Subject: SCMP: 'Axis of evil' label upsets mainland [


      South China Morning Post

      'Axis of evil' label upsets mainland
      Foreign Ministry finds Bush's language jarring but welcomes
strengthening of Sino-US ties


            Next Story

            China yesterday berated US President George W. Bush for calling
North Korea, Iran and Iraq an "axis of evil".
            "The Chinese side does not advocate using this kind of language
in international relations," Foreign Ministry spokesman Kong Quan said.

            Mr Bush said in his State of the Union Address on Tuesday that
Iran, Iraq and North Korea were attempting to develop weapons of mass
destruction and singled them out as an "axis of evil".

            Mr Kong said China believed all countries should be treated
equally in international affairs.

            "Otherwise it will damage the atmosphere for seeking solutions
to relevant problems and it would not be conducive to world and regional
peace and stability," he said.

            The comments came three weeks before Mr Bush is due to visit
Beijing for talks with President Jiang Zemin, who has backed the US-led war
on terrorism, launched after the September 11 attacks.

            Vice-Foreign Minister and former ambassador to the US Li
Zhaoxing is scheduled to leave China for the United States today to make
preparations for Mr Bush's visit.

            Observers have expressed doubt that Mr Bush will be able to
conduct substantive discussions with his Chinese hosts during his whirlwind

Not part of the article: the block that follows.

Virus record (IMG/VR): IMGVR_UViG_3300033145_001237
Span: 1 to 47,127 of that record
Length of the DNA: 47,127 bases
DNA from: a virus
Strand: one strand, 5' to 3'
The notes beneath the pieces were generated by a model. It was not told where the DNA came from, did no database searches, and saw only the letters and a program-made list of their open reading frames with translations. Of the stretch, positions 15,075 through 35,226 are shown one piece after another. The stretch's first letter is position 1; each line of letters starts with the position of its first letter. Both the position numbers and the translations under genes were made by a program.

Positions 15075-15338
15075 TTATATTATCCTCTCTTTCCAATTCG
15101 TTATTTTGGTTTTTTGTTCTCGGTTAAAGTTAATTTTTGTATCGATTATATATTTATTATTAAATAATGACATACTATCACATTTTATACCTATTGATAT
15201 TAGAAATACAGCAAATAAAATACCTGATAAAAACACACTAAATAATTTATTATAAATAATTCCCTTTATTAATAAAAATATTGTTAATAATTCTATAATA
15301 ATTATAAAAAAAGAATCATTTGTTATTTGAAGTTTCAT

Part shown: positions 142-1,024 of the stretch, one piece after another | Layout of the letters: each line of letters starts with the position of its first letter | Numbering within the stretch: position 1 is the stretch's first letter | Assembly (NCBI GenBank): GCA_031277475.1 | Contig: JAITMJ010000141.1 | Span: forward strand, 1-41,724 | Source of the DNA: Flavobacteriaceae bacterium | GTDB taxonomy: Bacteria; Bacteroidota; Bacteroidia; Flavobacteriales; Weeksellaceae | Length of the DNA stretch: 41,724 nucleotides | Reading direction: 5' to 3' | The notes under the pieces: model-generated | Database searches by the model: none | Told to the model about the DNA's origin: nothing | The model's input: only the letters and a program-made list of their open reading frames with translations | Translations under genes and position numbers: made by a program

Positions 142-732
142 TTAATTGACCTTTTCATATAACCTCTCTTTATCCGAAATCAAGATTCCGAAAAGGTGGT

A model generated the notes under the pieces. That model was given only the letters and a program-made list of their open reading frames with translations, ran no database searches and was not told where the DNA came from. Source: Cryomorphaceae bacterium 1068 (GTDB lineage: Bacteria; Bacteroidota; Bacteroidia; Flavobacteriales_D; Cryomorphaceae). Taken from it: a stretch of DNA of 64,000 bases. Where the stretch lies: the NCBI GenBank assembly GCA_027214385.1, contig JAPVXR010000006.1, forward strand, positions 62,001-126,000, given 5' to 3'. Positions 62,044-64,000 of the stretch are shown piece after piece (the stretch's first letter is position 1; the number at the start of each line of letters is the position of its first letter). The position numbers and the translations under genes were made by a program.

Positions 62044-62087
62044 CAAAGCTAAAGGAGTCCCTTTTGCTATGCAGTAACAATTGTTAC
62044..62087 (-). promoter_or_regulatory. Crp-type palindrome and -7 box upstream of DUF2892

two-day stay in Beijing.

            During the news conference, Mr Kong, however, welcomed another
part of Mr Bush's speech - that on strengthening US-China co-operation.

            But the spokesman repeated Beijing's objection to Washington
selling arms to Taiwan and categorically ruled out the need for China and
the US to sign a "fourth communique" on Taiwan.

            Richard Bush, Washington's top diplomat to Taipei, reiterated
earlier this week that the US would continue to provide defensive weapons to

            Mr Kong repeated that any arms sales to Taiwan would violate
Washington's commitments to Beijing and the three communiques signed between
the two countries. 

            The spokesman was referring to documents signed between China
and the US in 1972, 1979 and 1982 that respectively established official
relations, detailed Washington's affirmation that Taiwan is a part of China
and pronounced the United States' commitment to reduce arms sales to Taiwan.
Mr Kong said as long as both Washington and Beijing adhered to these three
communiques, the two sides would not need a new one.

            "We are not in favour of the idea that the three joint
communiques are out of date," Mr Kong said.

            US officials say privately the joint communiques are merely
diplomatic documents that do not carry the weight of a formal treaty.

            Concern has been raised by Taiwan leaders that a fourth
communique would put the island at a disadvantage and weaken Taipei's
bargaining power in negotiating with Beijing.

            During his meeting with Taiwan President Chen Shui-bian, Richard
Bush reportedly assured his host that Washington had not changed its
position on Taiwan.

P.O. Box 66
00841 Helsinki
Phone +358-40-7177941
Fax +358-9-7591081
General class struggle news:
subscribe mails to: [EMAIL PROTECTED]

Geopolitical news:
subscribe: [EMAIL PROTECTED]

Reply via email to